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Fairholme Colony hosts quilting retreat

One-day event produces many different projects displayed at the show-and-tell

On an overcast morning last autumn, several dozen women from area towns — toting sewing machines and bags of quilting fabric — arrived at Fairholme Colony School and assembled in both upper classrooms for a day of quilting hosted by the three Fairholme members of the St. Claude Quilters Guild, “The Material Girls,” Serena, Andrea and Anna Maendel (www.fairholmequilting.com) with the goal of a late-afternoon show-and-tell. Arriving in groups and pairs, they found a table, placed it near an electrical outlet, arranged their materials and set to work.

“Welcome to the first quilting retreat here in Fairholme!” greeted Anna Maendel. “Unfortunately, I cannot join you, because I have long-arm quilting machine orders at home. When you need a break, you are welcome to walk over and watch it in action,” she said, adding, “I’m completing a traditional Aboriginal Star Quilt for a Winnipeg customer, Robert Menow who learned to quilt from his grandmother.”

“My grandmother inspired me to begin quilting also,” said Sandra Single, a quilter from Holland.

There is a fascinating array of sewing machines from small, shiny-black 1947 Singer models to state-of-the-art Berninas and Pfaffs. In minutes the rooms fill with the sounds of scissors snipping, ironing boards creaking, sewing machines humming and women conversing. Camaraderie and focused work prevail.

Retreat attendees, including several non-guild members, enjoyed morning snacks, a noon lunch of traditional Hutterite cabbage borscht with Knödel, and a turkey-cutlet supper.

Women came from area towns to the Fairholme Colony quilting retreat.
photo: Courtesy Annette Lyenhorst

Seeing the variety of projects, it’s clear that quilting has moved beyond the traditional community or church women’s group gathered in one woman’s home for a day to complete her daughter’s trousseau. Why do they quilt?

“Because it’s relaxing and so enjoyable to create each one!” said quilter Janice de Rocquigny. “And when I finish one, it’s just as much pleasure to give it to someone — a unique gift made special by my personal touch.”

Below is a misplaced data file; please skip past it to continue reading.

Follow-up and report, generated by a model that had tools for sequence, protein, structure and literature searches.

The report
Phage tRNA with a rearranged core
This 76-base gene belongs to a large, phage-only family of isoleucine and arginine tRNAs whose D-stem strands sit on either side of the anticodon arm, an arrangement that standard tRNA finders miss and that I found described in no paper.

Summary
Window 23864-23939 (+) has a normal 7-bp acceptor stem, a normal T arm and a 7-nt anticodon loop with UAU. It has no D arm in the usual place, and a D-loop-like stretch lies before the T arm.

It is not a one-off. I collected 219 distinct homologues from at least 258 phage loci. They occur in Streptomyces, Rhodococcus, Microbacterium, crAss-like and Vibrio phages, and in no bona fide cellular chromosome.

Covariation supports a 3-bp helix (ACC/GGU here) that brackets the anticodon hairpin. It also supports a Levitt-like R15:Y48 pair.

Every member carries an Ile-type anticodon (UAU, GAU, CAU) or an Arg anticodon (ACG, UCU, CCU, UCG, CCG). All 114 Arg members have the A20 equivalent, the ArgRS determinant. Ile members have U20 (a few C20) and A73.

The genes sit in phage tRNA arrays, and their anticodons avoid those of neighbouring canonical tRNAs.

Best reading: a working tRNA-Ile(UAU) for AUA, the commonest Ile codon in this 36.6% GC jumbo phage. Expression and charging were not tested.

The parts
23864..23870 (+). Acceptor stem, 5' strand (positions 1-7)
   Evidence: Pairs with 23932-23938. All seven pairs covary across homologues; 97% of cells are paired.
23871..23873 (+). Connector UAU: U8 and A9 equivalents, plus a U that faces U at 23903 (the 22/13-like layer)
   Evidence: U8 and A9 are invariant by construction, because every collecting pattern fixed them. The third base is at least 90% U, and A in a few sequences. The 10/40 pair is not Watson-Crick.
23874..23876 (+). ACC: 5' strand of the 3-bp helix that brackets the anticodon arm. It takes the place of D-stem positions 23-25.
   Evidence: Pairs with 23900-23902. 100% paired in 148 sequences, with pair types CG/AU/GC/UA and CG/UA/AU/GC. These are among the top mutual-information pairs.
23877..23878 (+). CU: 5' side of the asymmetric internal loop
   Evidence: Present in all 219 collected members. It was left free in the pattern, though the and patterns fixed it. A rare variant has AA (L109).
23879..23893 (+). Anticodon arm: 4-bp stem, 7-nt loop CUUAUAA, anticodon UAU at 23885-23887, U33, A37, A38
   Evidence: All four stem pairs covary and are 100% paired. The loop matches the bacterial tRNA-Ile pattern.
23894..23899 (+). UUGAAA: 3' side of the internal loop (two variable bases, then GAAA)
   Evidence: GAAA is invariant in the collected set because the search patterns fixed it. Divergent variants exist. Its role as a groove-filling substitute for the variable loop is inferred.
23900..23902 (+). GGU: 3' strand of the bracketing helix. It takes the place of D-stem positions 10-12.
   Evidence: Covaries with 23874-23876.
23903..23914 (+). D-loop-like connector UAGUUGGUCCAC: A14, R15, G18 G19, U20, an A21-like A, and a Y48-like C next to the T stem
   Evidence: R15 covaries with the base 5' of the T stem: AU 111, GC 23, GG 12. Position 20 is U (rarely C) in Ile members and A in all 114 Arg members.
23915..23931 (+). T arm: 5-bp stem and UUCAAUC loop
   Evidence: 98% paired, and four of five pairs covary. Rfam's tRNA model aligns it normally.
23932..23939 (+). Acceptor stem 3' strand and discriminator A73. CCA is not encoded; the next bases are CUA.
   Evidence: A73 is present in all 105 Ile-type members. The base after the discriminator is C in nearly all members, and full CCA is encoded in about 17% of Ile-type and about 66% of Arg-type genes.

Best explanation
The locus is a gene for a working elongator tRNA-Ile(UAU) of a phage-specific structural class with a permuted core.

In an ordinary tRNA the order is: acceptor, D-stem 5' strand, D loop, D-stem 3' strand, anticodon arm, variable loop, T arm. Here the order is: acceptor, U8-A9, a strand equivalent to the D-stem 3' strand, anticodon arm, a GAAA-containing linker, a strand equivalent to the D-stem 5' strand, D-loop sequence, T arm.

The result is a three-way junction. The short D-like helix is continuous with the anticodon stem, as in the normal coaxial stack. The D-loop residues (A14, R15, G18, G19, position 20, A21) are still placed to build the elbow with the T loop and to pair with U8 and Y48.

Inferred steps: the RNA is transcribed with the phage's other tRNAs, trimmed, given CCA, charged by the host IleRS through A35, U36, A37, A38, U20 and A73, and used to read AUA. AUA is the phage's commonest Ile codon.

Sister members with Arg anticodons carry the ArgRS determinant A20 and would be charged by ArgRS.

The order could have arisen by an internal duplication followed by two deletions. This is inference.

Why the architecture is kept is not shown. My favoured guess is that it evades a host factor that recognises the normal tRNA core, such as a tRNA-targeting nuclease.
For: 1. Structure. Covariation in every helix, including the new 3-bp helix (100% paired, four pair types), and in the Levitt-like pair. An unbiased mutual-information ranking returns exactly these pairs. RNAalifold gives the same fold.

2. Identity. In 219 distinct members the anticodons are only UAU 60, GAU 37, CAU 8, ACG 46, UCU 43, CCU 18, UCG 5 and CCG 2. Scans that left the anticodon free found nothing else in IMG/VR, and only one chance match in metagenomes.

Another woman adds, “I’m not very ambitious today. With no time to prepare a major project, I’m making quilted covers for purse-size tissue packets. I’ve made so many and each one is gratefully accepted.”

Spread out beside one sewing machine, pencil box covers feature kaleidoscopic designs. “This way, I can include each grandchild’s favourite shapes and colours,” the quilter said.

Pat Metcalfe, with her trio of single bed quilts with rows of appliquéd dinosaurs for her grandsons said, “It’s just a whole lot of fun!”

Kathy Webster is making a “Memory Quilt,” that features fabric only from familiar pieces of clothing. She is using her husband’s overalls. A heavy equipment operator, Roy Webster was still working at 92 and lived to be almost 96. “It’s therapy,” she says simply. “I miss him terribly.”

At the end of the day the show-and-tell session begins, to which the Fairholme women and girls have been invited to attend — all being seamstresses and some also quilt.

A community of quilters, these women have discovered that “Creativity is letting yourself make mistakes and art is knowing which ones to keep.”

The women are at their most enthusiastic, however, when they describe group work on various volunteer projects, including charity quilts for fundraisers, special sessions to supply local seniors’ homes and annual blitzes for Winnipeg’s Siloam Mission. “They never have enough,” Sandra Single said.

Single also said, “Autistic children find a weighted quilt soothing; therapeutic. It can be daunting when you’re asked for a specific number of quilts; you worry about having enough of the right fabric, but you don’t want to disappoint people, so you work with what you have.”

Quilters truly are generous, resourceful donors, displaying the spirit of our pioneers and the Prairies.

Dora Maendel writes from the Portage la Prairie, Manitoba area.

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